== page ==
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seirgei kalinin

Kalinin Receives Multiple Honors for His Work

Weston Fulton Chair Professor Sergei Kalinin was recently recognized by multiple organizations for his outstanding science and technical contributions in nanotechnology and microscopy.

Kalinin received three awards:

  • The Medard Welch award from AVS: Science and Technology of Materials, Interfaces, and Processing. The award recognizes and encourages outstanding accomplishments in the fields of interest to AVS. The award was established in 1969 to commemorate the pioneering efforts of M.W. Welch in founding and supporting AVS. Kalinin received the honor, in recognition of transformational contributions to atomic- and nanoscale control of matter and development of machine-learning driven automated microscopy.” Ward Plummer, who was a professor at UT and hired Kalinin at Oak Ridge National Laboratory 22 years ago, was the recipient of the award in 2001.
  • The AVS NSTD Nanotechnology Recognition Award, which recognizes members of Nanometer-Scale Science and Technology Division (NSTD) for outstanding scientific and technical contributions in the science of fabrication, characterization, and fundamental research employing nanoscale structures, scanning probe microscopy, technology transfer involving nanoscale structures, and/or the promotion and dissemination of knowledge and development in these areas.
  • The American Ceramic Society’s Edward Orton, Jr. Lecture award. One of the society’s top honors, the award is presented by the invited lecturer at the ACerS annual meeting/MS&T. The lecture is named for benefactor and visionary General Edward Orton, Jr., who was the founder of ACerS and started the first Ceramic Engineering education program in America at Ohio State University in 1894.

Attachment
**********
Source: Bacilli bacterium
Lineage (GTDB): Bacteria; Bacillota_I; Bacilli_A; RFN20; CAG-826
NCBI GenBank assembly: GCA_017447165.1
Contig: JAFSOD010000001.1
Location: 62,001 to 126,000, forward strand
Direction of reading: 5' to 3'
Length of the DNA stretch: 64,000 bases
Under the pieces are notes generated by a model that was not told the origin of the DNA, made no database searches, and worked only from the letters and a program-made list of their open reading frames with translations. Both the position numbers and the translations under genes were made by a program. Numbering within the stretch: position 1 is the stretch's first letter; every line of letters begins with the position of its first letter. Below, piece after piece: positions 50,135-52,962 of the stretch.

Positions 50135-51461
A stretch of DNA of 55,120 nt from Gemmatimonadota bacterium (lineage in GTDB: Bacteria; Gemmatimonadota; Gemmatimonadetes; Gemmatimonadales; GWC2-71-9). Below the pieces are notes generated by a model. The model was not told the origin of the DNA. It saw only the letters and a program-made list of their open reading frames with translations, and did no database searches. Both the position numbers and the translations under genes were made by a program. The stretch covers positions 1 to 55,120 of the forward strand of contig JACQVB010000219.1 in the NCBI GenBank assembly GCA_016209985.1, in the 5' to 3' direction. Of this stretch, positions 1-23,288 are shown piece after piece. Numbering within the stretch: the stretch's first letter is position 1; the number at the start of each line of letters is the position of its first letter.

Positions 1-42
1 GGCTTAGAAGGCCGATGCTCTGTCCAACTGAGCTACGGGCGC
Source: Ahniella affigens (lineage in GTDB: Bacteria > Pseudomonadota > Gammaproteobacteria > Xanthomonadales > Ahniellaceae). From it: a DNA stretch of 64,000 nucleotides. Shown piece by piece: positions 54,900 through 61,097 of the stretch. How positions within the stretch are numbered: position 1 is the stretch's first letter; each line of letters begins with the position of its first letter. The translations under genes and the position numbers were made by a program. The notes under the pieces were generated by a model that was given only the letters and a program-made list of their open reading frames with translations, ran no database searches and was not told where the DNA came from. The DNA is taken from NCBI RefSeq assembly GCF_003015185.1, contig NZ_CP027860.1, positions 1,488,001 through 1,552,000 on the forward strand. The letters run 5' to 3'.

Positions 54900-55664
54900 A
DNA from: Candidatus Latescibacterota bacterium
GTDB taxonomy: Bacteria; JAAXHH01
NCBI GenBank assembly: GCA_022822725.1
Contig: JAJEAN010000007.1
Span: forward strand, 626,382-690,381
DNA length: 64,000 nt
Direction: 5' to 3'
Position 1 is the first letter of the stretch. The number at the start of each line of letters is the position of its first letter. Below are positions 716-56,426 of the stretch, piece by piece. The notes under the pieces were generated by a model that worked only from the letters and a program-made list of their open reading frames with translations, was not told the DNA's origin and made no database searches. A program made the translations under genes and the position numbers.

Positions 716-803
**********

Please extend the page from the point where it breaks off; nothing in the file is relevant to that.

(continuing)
“I want to express my sincere gratitude to everyone who has supported me, believed in me, and worked with me over the years,” Kalinin said. “These awards recognize 20 years of dynamic and exciting research projects that created band excitation and G-Mode SPM, electrochemical strain microscopy, theory of piezoresponse force microscopy, concept of ferroionic and antiferroionic states, direct electron beam atomic fabrication, and automated and autonomous microscopy for physical discovery.”

Prior to joining the staff at UT, Kalinin spent a year at Amazon (special projects) as a principal scientist, following 20 years at ORNL. He received his master’s degree from Moscow State University in 1998 and doctorate from the University of Pennsylvania in 2002.

For the last 15 years, his research focuses on the applications of machine learning and artificial intelligence in nanotechnology, atomic fabrication, and materials discovery via scanning transmission electron microscopy, as well as mesoscopic studies of electrochemical, ferroelectric, and transport phenomena via scanning probe microscopy. These directions are the focus of his research effort at UTK.

In November, Kalinin added a new position as joint faculty between UT and Pacific Northwest National Laboratory, where he is the chief scientist, AI/ML for physical sciences.


Rhiannon Potkey (865-974-0683,